Victory have indeed pursued something of a Galacticos policy this term, and Durakovic spent the first few weeks of this season trying to figure out how to crowbar strikers Allsopp and Thompson, playmakers Hernandez and Kewell, and electric winger Rojas into the same team, not to mention find enough room on the pine for another striker and winger in the form of Solorzano and Cernak. 

But utilising up to five forwards, none of whom were particularly defensively disciplined, left the team amazingly vulnerable on the counter-attack. If one of the fullbacks was caught up-field, Victory would only be able to defend with four players; the two centre backs, the opposite fullback, and a single holder. 

To obfuscate this vulnerability, Durakovic has adopted a more conservative tactical out-look. Essentially, he has switched from a single holder and five forward to three holders and three forwards. This affords the Navy Blues a more robust presence in central midfield, and a defensive platform which absolves the forward trio from defensive duties. 

The problem with the 4-3-2-1 formation however, is a lack of natural width, especially in the attacking third. In fact, the point of using such a formation is to exchange wingers for extra midfield security. This lack of width is exacerbated by the fact that neither of Victory's preferred fullbacks are accomplished attackers. To compensate for this, Durakovic has regularly deployed a nominal winger into one of the midfield berths; in this occasion, Isaka Cernak shuttled between a central midfield role when Victory were out of possession, and a left wing role when Victory were attacking, effectively operating as a inverted winger. 

Similarly, Harry Kewell and Archie Thompson were tasked to alternate stretching the play to the right flank, by taking up positions on the wing. The combination of these two factors meant that Victory often resembled a 4-2-3-1 when in possession, and this allowed the Navy Blues to play with a semblance of width, while still retaining the necessary midfield platform to compensate for the lack of defensive work from the forward trio.
A corollary to this point was the fact that Kewell and Cernak, wingers deployed 'out of position', were also deployed on their non-preferred sides. Cernak is right-sided, while Kewell made his name as a left-winger, but in this match, the former was deployed on the left, and the latter on the right. This was probably a concession to a lack of a target-man on the pitch; inverting the two 'wingers' allows them to cut inside and attack the goal, instead of crossing the ball when Victory lacked a clear aerial advantage.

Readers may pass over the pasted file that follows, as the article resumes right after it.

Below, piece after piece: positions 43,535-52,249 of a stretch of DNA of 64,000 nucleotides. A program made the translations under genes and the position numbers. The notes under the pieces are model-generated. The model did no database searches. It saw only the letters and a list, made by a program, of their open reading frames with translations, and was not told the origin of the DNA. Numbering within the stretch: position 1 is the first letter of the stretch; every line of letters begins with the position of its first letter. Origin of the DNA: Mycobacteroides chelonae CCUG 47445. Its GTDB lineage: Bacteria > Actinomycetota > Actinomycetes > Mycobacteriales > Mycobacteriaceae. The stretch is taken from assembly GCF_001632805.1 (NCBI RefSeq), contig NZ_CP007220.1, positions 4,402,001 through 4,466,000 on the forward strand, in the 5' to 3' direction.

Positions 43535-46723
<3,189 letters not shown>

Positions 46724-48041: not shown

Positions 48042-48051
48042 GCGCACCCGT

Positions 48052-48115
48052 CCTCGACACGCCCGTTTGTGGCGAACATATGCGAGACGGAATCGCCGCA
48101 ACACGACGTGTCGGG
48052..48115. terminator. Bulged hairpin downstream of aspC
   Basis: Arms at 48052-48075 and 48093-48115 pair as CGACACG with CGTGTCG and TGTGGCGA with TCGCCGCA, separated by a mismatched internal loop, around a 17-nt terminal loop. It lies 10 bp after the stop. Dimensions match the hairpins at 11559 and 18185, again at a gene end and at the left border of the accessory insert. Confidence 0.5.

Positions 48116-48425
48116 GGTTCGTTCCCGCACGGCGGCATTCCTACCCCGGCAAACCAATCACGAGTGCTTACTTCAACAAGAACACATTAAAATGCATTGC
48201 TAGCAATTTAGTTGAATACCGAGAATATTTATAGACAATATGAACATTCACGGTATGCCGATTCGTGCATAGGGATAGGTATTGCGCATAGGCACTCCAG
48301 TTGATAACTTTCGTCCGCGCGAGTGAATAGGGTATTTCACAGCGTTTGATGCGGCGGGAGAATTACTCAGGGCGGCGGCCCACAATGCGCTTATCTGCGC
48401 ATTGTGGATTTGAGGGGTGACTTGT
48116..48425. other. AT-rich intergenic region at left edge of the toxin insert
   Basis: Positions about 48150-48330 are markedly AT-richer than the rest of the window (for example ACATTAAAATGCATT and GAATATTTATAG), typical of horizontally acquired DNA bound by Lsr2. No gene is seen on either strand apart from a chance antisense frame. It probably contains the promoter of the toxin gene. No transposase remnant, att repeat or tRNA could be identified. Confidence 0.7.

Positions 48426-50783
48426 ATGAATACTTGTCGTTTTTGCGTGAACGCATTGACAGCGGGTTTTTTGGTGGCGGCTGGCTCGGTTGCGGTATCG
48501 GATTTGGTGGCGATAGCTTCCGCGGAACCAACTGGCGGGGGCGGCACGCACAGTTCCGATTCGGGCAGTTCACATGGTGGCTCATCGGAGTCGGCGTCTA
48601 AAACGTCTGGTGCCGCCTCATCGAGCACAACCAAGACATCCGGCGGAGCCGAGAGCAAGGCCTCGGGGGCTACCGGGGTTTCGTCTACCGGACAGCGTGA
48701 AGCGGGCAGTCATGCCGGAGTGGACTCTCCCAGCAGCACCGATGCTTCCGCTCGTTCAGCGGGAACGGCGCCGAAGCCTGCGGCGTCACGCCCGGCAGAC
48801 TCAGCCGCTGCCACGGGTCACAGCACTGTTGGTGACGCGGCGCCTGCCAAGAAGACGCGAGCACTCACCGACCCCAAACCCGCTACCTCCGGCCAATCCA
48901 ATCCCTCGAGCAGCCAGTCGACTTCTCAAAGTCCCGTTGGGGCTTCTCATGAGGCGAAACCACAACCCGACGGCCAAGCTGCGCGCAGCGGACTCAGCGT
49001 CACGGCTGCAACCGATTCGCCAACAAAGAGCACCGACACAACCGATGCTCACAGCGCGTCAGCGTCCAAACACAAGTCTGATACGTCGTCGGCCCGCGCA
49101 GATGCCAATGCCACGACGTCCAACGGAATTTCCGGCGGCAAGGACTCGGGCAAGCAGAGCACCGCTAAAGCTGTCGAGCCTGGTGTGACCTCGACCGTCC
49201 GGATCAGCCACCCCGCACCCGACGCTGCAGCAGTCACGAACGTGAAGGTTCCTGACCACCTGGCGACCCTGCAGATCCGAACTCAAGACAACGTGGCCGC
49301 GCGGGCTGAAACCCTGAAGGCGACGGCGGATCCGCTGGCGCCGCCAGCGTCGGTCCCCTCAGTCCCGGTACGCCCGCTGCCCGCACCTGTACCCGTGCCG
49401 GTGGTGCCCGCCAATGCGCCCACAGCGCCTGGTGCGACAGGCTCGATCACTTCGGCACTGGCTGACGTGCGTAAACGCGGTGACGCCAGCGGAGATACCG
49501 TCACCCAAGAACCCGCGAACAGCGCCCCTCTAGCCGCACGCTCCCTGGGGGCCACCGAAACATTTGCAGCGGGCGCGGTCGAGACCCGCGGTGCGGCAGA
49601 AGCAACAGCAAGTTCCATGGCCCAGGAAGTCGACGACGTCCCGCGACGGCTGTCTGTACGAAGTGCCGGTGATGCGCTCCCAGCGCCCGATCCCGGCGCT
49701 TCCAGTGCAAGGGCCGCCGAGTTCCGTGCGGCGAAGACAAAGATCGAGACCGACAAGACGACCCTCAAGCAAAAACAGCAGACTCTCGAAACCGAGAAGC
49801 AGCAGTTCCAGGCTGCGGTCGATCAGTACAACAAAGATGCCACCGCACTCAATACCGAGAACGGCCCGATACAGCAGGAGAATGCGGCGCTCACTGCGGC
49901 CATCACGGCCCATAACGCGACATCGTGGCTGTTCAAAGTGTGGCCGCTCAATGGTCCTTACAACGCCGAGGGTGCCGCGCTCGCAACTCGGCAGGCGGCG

Back to the drawing board:
The tactical plan van't Schip formulated was theoretically flawless - the three man backline accounted for Victory's strike partnership, the lopsided midfield diamond matched the Blues man-for-man and the Heart forward trio would be tasked with dismantling a back-four. Yet it was the Navy Blues who started the match the brighter, overwhelming the Heart defence, even opening the scoring on the 20th minute mark. Why did van't Schip's 3-4-3 fail?

There were two main reasons. Firstly, Victory started the match pressing very aggressively. Heart are a team that are committed to building attacks from the back and keeping possession, but their less familiar three-man backline was having difficulty dealing with the ferocity of Victory's pressing. Various players were exhibiting signs of positional confusion; in fact Archie Thompson's goal was a prime example of this. Covic's goal-kick bounced fortuitously behind Madaschi, who had stepped up to contest Kewell in the air. Thompson ghosted around Hamill, who had probably forgotten Behich was not nearby at left back to cover, but instead at left midfield. Thompson's finish was superb, but Heart's defence was clearly struggling to adjust to the new positions.